• With f-string: f"Sorry, \"{requested_book}\" is not there in our library at the moment"
  • Original: "You don't seem to have borrowed \"%s\"" % book
    • With f-string: f"You don't seem to have borrowed \"{book}\""
  • Original: "%s: %s" % (name, books)
    • With f-string: f"{name}: {books}"

Result

from collections import defaultdict

class Library:
    def __init__(self):
        self._books = []

    def add_book(self, new_book):
        self._books.append(new_book)

    def display_books(self):
        if len(self._books) > 0:
            print("The books we have made available in our library are:\n")
            for book in self._books:
                print(book)
        else:
            print("Sorry, we have no books available in the library at the moment")

    def lend_book(self, requested_book):
        if requested_book in self._books:
            print(f"You have now borrowed \"{requested_book}\".")
            self._books.remove(requested_book)
            return True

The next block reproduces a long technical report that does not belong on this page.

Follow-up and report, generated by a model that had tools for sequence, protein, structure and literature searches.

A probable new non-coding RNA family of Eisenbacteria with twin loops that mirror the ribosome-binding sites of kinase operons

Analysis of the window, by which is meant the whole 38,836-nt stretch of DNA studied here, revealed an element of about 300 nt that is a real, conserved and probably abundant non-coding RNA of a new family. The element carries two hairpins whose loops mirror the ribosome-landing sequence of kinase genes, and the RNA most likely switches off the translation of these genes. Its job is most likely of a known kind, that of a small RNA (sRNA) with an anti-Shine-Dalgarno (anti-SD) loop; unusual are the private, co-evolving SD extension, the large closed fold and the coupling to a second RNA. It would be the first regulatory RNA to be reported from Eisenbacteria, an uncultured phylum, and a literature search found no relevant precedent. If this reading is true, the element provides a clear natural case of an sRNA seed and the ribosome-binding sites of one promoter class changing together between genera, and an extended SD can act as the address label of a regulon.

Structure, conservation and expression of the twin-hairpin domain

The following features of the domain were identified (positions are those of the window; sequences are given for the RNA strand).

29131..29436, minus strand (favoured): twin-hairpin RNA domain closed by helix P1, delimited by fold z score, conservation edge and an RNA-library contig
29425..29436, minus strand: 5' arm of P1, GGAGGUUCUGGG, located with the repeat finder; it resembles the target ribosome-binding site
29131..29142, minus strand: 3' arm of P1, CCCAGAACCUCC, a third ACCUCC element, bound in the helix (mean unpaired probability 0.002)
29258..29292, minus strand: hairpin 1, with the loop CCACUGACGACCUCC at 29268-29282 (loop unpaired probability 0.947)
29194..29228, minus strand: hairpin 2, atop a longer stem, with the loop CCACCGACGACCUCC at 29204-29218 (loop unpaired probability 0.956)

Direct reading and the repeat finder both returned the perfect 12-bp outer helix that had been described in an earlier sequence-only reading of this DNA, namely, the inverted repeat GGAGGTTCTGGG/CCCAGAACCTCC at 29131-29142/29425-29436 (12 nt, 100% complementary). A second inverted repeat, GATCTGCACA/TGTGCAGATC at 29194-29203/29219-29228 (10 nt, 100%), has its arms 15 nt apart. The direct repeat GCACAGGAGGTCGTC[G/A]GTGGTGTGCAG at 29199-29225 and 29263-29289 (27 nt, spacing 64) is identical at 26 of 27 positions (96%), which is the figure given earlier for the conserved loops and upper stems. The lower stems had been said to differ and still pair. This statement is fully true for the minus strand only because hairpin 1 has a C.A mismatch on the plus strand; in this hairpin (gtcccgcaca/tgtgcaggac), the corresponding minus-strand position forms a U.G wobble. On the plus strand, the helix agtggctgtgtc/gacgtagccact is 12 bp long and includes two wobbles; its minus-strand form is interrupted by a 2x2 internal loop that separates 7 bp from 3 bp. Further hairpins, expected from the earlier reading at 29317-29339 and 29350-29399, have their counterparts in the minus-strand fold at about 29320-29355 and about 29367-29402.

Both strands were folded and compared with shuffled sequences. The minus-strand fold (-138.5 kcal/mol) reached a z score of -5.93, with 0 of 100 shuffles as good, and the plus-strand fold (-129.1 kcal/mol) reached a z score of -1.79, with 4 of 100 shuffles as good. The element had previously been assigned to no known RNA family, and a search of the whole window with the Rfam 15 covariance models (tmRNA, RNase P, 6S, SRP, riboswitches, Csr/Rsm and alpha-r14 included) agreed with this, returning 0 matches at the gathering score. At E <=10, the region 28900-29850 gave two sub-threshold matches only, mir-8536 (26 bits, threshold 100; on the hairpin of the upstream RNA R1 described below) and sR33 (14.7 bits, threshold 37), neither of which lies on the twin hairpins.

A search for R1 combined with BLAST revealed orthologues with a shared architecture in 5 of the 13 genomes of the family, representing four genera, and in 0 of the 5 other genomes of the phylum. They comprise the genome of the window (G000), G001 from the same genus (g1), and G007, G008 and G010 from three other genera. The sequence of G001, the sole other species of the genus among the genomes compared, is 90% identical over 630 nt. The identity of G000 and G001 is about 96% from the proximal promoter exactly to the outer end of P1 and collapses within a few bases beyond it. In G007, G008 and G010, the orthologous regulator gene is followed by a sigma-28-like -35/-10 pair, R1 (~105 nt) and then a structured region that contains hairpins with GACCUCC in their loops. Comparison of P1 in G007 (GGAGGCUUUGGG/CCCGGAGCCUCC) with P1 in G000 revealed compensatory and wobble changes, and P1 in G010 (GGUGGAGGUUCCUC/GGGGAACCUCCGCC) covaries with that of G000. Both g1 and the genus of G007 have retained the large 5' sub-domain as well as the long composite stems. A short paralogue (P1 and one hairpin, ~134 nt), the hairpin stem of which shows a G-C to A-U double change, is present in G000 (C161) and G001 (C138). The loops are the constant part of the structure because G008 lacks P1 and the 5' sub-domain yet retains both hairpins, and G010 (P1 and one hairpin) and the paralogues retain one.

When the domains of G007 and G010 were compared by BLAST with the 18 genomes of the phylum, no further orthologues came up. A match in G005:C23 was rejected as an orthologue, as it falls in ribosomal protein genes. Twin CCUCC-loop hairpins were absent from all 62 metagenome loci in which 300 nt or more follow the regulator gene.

else:
            print(f"Sorry, \"{requested_book}\" is not there in our library at the moment")
            return False

class StudentDatabase:
    def __init__(self):
        self._books = defaultdict(list)

    def get_student(self, name):
        if name not in self._books:
            return "Not Found"

        return self._books[name]

    def borrow_book(self, name, book, library):
        if library.lend_book(book):
            self._books[name].append(book)

    def return_book(self, name, book, library):
        if book not in self._books[name]:
            print(f"You don't seem to have borrowed \"{book}\"")
        else:
            library.add_book(book)
            self._books[name].remove(book)

    def display_students_with_books(self):
        for name, books in self._books.items():
            if books:
                print(f"{name}: {books}")
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  • \$\begingroup\$ What do you mean by: "I do find it somewhat odd that it's only tracking by student, and not by book (i.e. Library could know how many copies of each book it had (int))" \$\endgroup\$ – Grace Mathew Nov 9 '18 at 12:54
  • \$\begingroup\$ @GraceMathew What I meant was that in your current library design, only the student database knows what books are checked out, not the library. Normally, when I conceive of how a library works, they distinguish books being checked out from being moved to another place. The current design of the library component of the program doesn't make such a distinction: a book is only gone from the library. It means you can only search for book status via students, not via the books. \$\endgroup\$ – Graham Nov 9 '18 at 20:41
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Separate the logic and data from the presentation